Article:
By all accounts, the first-ever Delta Doo Dah was a hit. Some Doo Dah’ers were a little wary at first, worried that so many other boats would "ruin" their fun, but even the doubters admitted that their trip up the Delta couldn’t have been better.
Those of us anchored in a horseshoe bend off Connection Slough — dubbed ‘Broken Rudder Slough’ for the two dinghy rudders that snapped during some over-zealous sailing — spent three blissful days kayaking, swimming and engaging in a number of spectacular water cannon battles.
Though we were all loathe to leave our idyllic anchorage on Friday, we were also anxious to ‘get the party started’ at Stockton Sailing Club. The rest of the fleet, scattered thoughout the Delta, apparently felt the same as most boats were tied up at SSC’s docks by early afternoon. The heat drove some into the water, others to the fleet of FJs the club had ready for our use. Needless to say, the air conditioned bar was packed.
Besides having a reputation as a friendly club, Stockton Sailing Club is also famous for its BBQ — and they didn’t disappoint. Doo Dah’ers scarfed up the ribs, chicken and fresh corn-on-the-cob like they hadn’t eaten in a week, then topped it all off with fresh strawberry shortcake.
Generous sponsors donated so many prizes for the Hoopla party that every boat got one — some even snagged two! Then the Blue Water Rockers got the crowd on their feet with some classic rock.
Most boats left Saturday to either slog their way back to the Bay or find a viewing spot for the Hilton family’s fireworks extravaganza. As of this morning, several Doo Dah’ers were hunkered down at Bethel Island, Antioch or Benicia, waiting for the 30-knot headwinds to subside. The forecast is for more of the same for the next few days — what a great excuse to extend your vacation.
In 12 to 15 knots of breeze, the two remaining divisions — 1 and 2 — of TransPac boats got underway yesterday under blue skies off Pt. Fermin. Everything from the TP 52s to the ULDB 70s and Neville Crichton’s R/P 100 Alfa Romeo took advantage of the stronger pressure they’ve enjoyed — compared to the starters from both Thursday and the prior Sunday — to immediately vault into the top overall spots as of this morning’s position reports. Tom Akin’s Bay Area-based TP 52 Flash has jumped out to the lead in Division 1, while James McDowell’s SC 70 Grand Illusion has the Division 2 and overall lead in hand.
Divisions 3, 4 and 5, which started last Thursday, and Divisions 6 and 7, which started the previous Sunday, both had their westward progress stymied by a ridge of high pressure that sent the fleet southward. Chip Megeath’s Tiburon-based R/P 45 Criminal Mischief is one of the furthest-south boats and has moved from last to third in Divison 3 overnight. Division 6 leader, the 1D 35 Relentless, being doublehanded by Tim Fuller and Erik Shampain is the furthest south with a little under 1500 miles yet to go — at a lower latitude than La Paz! In the more northerly group, Bob Barton’s Bay Area-based Andrews 56 Cipango has lead Division 3 since the start. With a spread of nearly 300 miles north-south, there will doubtlessly be some big gains and losses — whether by better pressure or distance sailed — for Divisions 3 through 7 as the race progresses.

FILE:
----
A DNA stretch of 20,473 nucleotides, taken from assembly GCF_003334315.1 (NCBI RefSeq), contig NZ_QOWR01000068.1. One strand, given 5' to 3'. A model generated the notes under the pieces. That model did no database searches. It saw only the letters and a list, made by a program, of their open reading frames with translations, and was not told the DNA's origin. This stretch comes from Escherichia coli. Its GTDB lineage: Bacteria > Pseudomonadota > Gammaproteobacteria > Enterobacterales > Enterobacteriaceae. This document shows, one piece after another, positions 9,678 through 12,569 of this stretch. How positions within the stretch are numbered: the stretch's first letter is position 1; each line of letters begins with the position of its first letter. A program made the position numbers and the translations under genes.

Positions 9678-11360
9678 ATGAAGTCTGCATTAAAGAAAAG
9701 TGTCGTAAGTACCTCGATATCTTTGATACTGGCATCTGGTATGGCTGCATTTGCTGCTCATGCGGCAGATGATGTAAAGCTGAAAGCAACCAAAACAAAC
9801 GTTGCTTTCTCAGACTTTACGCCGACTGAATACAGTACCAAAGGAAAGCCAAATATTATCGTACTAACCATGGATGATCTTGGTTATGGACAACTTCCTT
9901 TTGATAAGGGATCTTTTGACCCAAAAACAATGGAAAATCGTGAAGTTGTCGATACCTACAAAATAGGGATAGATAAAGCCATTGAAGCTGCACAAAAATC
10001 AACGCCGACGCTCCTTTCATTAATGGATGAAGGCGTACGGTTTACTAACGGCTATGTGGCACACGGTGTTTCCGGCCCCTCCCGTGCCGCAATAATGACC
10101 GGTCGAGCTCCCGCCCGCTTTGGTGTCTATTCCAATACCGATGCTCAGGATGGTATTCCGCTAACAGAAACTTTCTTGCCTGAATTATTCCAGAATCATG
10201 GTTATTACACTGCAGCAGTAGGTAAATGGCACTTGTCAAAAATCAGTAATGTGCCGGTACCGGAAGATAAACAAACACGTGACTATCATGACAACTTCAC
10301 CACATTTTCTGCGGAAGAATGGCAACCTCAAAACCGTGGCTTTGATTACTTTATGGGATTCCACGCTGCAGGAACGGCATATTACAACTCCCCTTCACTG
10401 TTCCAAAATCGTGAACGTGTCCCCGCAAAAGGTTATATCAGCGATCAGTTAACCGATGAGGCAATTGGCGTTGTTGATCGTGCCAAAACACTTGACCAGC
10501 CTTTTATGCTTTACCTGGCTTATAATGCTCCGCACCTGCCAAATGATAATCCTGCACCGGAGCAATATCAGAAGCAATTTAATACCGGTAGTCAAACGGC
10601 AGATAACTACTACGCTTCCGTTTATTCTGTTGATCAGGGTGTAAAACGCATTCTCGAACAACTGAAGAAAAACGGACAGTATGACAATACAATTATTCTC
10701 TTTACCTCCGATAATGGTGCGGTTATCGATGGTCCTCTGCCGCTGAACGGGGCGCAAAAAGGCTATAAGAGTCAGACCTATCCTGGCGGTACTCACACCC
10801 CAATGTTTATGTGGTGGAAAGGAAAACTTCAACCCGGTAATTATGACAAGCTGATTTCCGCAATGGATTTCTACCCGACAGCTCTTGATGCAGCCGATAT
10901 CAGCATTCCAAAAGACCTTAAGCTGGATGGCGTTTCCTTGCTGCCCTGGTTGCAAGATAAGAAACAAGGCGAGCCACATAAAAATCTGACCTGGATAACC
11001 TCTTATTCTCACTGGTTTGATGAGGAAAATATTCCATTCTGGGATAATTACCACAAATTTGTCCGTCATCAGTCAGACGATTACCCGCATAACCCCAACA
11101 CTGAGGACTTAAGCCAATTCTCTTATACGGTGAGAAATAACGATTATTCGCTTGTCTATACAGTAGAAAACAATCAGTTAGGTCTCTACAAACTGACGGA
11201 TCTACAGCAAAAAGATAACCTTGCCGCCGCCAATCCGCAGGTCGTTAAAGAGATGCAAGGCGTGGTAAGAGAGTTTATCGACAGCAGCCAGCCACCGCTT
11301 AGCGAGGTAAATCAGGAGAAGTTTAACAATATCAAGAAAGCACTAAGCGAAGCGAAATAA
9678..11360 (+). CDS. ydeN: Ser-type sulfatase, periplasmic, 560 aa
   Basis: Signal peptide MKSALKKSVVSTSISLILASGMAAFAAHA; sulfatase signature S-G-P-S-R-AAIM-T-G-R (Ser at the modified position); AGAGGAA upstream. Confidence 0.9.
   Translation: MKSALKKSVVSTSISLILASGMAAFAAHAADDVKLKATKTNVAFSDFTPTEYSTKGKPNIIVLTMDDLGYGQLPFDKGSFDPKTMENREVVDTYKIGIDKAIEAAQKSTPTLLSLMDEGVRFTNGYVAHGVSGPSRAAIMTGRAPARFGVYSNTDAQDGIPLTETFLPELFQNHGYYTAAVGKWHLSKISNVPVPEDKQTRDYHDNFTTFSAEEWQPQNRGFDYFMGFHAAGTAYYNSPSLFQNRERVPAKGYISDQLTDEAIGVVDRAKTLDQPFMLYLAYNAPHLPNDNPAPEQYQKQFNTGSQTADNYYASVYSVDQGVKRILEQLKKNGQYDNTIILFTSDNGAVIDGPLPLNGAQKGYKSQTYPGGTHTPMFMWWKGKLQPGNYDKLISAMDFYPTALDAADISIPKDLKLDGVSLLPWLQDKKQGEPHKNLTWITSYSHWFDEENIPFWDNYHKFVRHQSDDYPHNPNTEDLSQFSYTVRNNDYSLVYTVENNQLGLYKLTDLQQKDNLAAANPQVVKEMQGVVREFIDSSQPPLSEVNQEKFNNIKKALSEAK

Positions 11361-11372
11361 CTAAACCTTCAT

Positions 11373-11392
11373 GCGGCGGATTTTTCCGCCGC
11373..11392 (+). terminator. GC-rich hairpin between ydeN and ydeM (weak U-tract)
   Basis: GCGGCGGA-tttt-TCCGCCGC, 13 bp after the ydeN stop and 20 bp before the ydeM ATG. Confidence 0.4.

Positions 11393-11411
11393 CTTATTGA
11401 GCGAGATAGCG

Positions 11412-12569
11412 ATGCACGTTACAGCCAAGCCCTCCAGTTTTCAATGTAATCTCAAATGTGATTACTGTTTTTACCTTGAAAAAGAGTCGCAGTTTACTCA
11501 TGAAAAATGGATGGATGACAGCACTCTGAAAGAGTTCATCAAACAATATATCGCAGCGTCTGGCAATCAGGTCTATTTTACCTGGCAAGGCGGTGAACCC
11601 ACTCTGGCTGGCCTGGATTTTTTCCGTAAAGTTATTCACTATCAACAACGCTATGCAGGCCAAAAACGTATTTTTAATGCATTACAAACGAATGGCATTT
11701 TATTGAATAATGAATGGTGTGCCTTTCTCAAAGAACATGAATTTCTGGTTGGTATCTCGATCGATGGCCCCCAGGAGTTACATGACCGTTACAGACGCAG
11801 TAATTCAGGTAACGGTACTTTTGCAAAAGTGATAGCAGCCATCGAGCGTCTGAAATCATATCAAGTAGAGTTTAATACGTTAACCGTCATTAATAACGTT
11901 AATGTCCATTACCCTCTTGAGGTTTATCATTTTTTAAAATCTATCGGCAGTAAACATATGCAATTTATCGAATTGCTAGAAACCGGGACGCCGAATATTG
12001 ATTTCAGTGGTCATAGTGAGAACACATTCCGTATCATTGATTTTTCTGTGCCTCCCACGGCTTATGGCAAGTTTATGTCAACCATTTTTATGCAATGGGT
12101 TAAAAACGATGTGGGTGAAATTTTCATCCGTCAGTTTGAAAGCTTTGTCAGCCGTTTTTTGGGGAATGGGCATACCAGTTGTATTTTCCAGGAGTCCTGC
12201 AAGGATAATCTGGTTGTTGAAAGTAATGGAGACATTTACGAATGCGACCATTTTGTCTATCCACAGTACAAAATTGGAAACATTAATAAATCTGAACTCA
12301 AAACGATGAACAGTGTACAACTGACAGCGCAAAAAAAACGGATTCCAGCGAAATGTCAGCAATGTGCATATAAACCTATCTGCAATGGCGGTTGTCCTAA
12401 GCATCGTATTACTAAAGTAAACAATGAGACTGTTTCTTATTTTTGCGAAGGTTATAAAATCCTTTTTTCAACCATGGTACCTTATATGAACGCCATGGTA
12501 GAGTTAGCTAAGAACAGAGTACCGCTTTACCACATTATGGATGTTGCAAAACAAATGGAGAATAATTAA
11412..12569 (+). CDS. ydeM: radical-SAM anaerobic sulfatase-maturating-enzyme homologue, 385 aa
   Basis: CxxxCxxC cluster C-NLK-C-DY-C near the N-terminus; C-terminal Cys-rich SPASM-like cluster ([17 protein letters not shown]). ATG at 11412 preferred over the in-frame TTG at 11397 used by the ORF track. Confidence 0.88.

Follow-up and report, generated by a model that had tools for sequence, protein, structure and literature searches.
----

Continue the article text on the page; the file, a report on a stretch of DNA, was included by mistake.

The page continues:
The uphill bash from Panama has not been easy for 17-year-old singlehander Zac Sunderland. But with only 400 miles left to go on his year-long circumnavigation, the thrill of becoming the world’s youngest circumnavigator is practically within his grasp.
Last week’s strong winds gave Zac quite a workout as his Islander 36 Intrepid clawed her way up the Baja coast. Adding to the drama of slamming into 25-knot winds and a three-knot current, he was boarded late last week by U.S. Coast Guard officers on patrol south of the border. During the inspection, Zac had a chuckle when one guardsman asked him if his parents knew he was solo sailing around the world. They were soon on their way, though, after issuing Zac a fix-it ticket for not having a fog horn.
Anticipating a huge turnout for Zac’s arrival, his parents and supporters have announced that he will make his official homecoming Tuesday, July 14, at Marina del Rey’s Fisherman’s Village, at approximately 10 a.m. The general public is welcome to attend. For more info on Zac’s history-making trip, see his website. And look for a recap report in the August edition of Latitude 38.